(As noted below, these days they’re the Biblical literalists who never go “beyond the fundamentals.”)
And that’s just another way of saying – as Paul did – that the Bible is fully of “mysteries.” For a list of some “mysteries” Paul listed, see the notes below, or St. Mark’s “Cinderella story.”
But because of all those “mysteries” in the Bible, it takes awhile to understand. (A lifetime “and more,” in fact.) And that’s just another way of saying, sometimes we just “can’t handle the truth!”
We need help. And that brings up the second point, which has to do with the Spirit of truth, also called the Holy Spirit. That’s the “third divine person of The Trinity,” and probably the least understood of the Three.
Put simply, assume God is the Ultimate Judge and Jesus is the Ultimate Public Defender. In turn, the Holy Spirit is the “Ultimate Counselor.” See John 14:26, interpreted in the Complete Jewish Bible. There Jesus said, “the Counselor, the Ruach HaKodesh, whom the Father will send in my name, will teach you everything; that is, he will remind you of everything I have said to you.”
Note that as originally written, the term can be translated “the Comforter,” the “Spirit of Promise,” the “Spirit of Revelation,” or the “Spirit of Wisdom.”
But we’re getting close to the end here. So in closing, for more information, see last year’s On Trinity Sunday, 2015. That post included an image similar to the one below. And it included some notes about parts of the Bible that are hard to understand:
That is, both the doctrine of the Trinity and the idea that Isaiah could have his lips “touched” with a hot coal without screaming like a banshee are difficult to comprehend.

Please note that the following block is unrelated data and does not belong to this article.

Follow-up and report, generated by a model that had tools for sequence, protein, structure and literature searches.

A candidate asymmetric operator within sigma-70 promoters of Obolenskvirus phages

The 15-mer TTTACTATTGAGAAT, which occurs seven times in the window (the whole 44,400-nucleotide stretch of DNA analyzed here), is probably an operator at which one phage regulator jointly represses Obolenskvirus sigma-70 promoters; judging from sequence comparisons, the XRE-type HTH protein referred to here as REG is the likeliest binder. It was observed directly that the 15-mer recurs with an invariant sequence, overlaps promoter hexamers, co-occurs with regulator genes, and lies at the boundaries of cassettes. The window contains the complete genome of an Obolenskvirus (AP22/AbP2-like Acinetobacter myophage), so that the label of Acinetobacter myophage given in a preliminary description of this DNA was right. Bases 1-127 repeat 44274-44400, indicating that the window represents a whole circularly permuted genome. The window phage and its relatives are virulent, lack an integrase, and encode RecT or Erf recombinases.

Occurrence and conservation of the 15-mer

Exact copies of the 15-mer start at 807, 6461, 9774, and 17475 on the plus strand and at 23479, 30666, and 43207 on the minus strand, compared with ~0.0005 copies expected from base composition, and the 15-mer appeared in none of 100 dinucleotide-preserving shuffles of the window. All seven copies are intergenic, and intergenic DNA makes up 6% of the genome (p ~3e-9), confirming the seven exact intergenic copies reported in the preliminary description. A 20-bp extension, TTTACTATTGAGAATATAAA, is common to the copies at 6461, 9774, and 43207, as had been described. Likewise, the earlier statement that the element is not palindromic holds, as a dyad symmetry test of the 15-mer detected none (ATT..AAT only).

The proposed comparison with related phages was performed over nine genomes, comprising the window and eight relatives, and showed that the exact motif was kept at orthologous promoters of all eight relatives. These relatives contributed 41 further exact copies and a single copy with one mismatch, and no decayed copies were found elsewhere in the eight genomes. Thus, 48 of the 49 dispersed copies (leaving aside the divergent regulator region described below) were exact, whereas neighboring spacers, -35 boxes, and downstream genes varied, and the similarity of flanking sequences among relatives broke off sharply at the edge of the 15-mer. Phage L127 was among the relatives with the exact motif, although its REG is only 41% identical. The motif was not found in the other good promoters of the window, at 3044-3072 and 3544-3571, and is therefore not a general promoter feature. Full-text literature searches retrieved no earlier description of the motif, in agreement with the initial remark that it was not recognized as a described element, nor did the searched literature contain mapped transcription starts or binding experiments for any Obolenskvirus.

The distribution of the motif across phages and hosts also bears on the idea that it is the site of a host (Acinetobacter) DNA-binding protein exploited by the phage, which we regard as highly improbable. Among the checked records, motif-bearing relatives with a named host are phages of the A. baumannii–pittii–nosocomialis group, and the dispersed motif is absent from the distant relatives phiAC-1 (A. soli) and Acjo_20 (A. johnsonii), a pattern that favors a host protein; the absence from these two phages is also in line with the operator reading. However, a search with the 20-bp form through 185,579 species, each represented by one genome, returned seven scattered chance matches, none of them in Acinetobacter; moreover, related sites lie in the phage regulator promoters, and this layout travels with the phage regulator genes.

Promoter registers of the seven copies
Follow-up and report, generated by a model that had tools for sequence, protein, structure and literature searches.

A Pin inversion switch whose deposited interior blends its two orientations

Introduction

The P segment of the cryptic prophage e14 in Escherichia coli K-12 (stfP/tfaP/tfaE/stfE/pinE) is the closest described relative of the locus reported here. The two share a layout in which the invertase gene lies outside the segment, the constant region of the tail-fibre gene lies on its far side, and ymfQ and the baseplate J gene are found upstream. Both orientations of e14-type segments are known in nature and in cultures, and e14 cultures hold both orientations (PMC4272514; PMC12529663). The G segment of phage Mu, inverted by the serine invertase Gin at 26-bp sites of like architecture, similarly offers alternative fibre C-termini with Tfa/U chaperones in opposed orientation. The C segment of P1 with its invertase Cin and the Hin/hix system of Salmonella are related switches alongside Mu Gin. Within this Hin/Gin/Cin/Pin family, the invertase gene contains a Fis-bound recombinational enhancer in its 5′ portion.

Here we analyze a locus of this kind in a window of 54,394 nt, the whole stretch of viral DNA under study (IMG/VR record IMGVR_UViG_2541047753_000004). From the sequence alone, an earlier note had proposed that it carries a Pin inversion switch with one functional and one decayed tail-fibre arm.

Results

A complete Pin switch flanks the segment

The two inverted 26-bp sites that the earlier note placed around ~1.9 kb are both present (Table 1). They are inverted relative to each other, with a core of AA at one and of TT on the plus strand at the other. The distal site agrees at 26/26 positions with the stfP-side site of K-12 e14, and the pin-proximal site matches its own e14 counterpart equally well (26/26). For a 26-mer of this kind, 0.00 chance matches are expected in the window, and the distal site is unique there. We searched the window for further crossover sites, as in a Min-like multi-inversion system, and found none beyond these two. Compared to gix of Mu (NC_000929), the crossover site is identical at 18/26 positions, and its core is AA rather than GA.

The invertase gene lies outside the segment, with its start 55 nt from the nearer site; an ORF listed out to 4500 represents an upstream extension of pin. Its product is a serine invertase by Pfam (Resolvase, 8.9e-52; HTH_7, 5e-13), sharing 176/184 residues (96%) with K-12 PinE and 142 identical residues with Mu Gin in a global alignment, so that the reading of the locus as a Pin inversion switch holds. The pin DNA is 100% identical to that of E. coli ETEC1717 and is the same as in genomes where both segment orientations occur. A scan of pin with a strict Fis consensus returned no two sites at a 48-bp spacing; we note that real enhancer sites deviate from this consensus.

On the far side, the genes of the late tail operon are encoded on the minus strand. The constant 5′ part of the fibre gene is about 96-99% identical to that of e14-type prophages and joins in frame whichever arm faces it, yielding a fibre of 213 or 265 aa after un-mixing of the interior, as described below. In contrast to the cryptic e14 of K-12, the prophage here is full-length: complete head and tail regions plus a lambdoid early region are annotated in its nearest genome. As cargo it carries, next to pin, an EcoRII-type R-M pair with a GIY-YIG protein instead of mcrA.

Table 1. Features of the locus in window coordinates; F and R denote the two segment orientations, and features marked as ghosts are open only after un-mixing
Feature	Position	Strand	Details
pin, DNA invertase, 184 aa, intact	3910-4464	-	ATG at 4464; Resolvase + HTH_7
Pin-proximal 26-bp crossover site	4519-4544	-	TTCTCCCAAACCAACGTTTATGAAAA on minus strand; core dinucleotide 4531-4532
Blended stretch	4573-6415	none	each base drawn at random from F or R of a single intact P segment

The “banshee” part referred to Isaiah 6:6-7. That was part of the Old Testament reading for Trinity Sunday 2015. The full reading was about Isaiah being commissioned by God, during which “one of the seraphim flew to me with a live coal in his hand, which he had taken with tongs from the altar. With it he touched my mouth…”
Which led to my comment about screaming like a banshee.
One point from last year’s post: That Thomas Jefferson – like many of us – fell into a common error: Thinking “he could ever really understand everything there is to know about God.” But like many parts of the Bible, the Trinity – like Isaiah 6:6-7 – are simply beyond our ability to comprehend, fully. “It’s a reality that we may only begin to grasp.” Which seems to be why so many Christians choose literalism. “It’s ever so much easier.”
The “Holy Trinity,” by Luca Rossetti da Orta (1738-39)
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The upper image is courtesy of Thomas Jefferson – Wikipedia, the free encyclopedia. The caption: “Thomas Jefferson, Official White House Portrait, by Rembrandt Peale, 1805.” That article also included the “Jefferson Bible” image in the text, to the left of the paragraph beginning, “And if you don’t understand all that, don’t feel bad.”
The full list of Paul’s “mysteries,” noted in St. Mark’s “Cinderella story:”
For example, see 1st Corinthians 2:7, where Paul spoke of “the word of God in a mystery, even the hidden wisdom.” He spoke of the “knowledge in the mystery of Christ” in Ephesians 3:4, and of the “fellowship of the mystery” in Ephesians 3:9. In Ephesians 5:32 he wrote, “This is a great [or “profound”] mystery: but I speak concerning Christ and the church.” Paul told Christians to “make known the mystery of the gospel” in Ephesians 6:19, and to hold “the mystery of the faith” – or the “deep truths” – in a “pure conscience” in 1st Timothy 3:9. He said that “great is the mystery of godliness” in 1st Timothy 3:16, and in 1 Corinthians 4:1, Paul said that Christians were to be faithful “stewards of the mysteries of God.”
Re: God as Ultimate Judge, Jesus as Ultimate Public Defender, and the Holy Spirit as the Ultimate Counselor. See also The GIST (Part II).